WILMINGTON — This is just Milan Lucic‘s fourth season in the NHL. But he’s been around long enough to know what Bruins and Canadiens fans expect once the series starts Thursday night at TD Garden.
“Our fans are going to want us to beat the hell out of them and their fans are going to want to see them to beat the hell out of us,” Lucic said. “We know the energy is going to be high in both buildings, and I think that’s what makes this rivalry so great, the fans are so pumped up about it. That’s what it makes it fun being a player, being a part of this rivalry.”
The Bruins are trying to advance past the Eastern Conference semifinals for the first time since 1992. They have lost in Game 7 in each of the last two seasons, including last year when they blew a 3-0 series lead and a 3-0 lead in Game 7 to the Flyers, dropping Game 7, 4-3, when the Bruins were called for too many men on the ice.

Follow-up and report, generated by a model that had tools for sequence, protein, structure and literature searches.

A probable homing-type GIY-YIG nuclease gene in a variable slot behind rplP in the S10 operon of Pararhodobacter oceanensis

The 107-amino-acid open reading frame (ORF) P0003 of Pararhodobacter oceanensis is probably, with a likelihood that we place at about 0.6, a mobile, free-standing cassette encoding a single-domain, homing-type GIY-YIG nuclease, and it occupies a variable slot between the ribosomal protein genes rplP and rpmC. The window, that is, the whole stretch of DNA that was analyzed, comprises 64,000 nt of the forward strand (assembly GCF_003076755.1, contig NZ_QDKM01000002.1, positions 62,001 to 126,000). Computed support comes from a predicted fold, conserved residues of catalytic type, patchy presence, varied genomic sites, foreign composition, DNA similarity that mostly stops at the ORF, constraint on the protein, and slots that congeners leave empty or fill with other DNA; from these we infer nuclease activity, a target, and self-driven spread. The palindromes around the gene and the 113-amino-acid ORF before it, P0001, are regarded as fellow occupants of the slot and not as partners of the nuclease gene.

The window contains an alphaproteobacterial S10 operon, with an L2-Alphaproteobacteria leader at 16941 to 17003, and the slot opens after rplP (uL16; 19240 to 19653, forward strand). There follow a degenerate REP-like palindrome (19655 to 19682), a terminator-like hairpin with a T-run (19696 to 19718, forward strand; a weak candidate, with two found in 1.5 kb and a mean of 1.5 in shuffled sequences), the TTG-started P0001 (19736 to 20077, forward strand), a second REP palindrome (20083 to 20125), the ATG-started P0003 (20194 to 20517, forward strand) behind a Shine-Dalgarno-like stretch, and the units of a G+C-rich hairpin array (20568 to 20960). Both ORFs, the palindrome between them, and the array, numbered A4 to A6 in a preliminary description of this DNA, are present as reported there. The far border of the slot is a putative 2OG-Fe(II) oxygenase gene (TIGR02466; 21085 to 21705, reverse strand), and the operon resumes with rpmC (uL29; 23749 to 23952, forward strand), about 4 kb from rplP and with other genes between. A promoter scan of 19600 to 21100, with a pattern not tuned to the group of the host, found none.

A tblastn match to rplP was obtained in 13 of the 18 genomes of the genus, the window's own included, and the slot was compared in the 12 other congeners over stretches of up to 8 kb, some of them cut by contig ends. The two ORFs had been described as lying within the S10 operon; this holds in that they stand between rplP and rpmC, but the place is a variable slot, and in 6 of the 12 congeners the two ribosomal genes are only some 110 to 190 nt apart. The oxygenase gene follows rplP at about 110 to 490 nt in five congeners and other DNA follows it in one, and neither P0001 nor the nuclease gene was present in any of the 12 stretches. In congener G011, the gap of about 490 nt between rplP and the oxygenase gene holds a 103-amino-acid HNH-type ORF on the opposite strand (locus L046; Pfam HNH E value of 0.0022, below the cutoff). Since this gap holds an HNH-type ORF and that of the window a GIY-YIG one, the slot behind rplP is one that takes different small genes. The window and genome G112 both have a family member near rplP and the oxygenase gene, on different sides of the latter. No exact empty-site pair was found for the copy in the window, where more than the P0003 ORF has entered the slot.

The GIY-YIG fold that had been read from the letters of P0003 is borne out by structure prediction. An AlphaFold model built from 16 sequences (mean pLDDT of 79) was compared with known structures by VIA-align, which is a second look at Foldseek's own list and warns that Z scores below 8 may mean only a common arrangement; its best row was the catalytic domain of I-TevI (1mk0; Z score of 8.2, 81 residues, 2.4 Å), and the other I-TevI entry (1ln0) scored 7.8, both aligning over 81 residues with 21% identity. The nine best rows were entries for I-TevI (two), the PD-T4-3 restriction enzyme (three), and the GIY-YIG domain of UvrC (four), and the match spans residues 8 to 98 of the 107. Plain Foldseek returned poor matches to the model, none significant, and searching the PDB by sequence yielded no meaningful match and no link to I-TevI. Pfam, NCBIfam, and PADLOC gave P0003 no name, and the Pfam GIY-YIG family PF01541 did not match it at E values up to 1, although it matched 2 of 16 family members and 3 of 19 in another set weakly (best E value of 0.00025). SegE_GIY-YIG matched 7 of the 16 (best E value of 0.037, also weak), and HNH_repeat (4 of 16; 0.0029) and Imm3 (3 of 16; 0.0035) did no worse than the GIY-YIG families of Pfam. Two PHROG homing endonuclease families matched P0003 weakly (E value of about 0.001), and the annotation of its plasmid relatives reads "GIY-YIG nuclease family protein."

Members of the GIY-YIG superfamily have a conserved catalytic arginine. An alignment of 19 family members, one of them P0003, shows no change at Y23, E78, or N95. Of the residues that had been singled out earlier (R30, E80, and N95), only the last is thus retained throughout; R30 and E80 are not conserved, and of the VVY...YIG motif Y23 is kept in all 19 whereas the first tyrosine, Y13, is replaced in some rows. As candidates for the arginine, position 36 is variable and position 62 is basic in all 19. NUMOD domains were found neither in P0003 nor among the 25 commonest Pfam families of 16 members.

“It is the playoffs, and it can even come down to one little thing that makes a difference in winning or losing,” Lucic said. “For ourselves, we have to do a good job of managing our emotions and using it to our advantage and feeding off of it. We don’t have to change anything from how we played in the season.
“We still have to play with an edge and play that high-energy type game where we’re into the game emotionally but then again we have to manage it to the point where we’re not spending most of the time in the box.”
|Claude Julien on motivating his team for playoffs: ‘I’m only a coach’||04.07.11 at 11:58 am ET|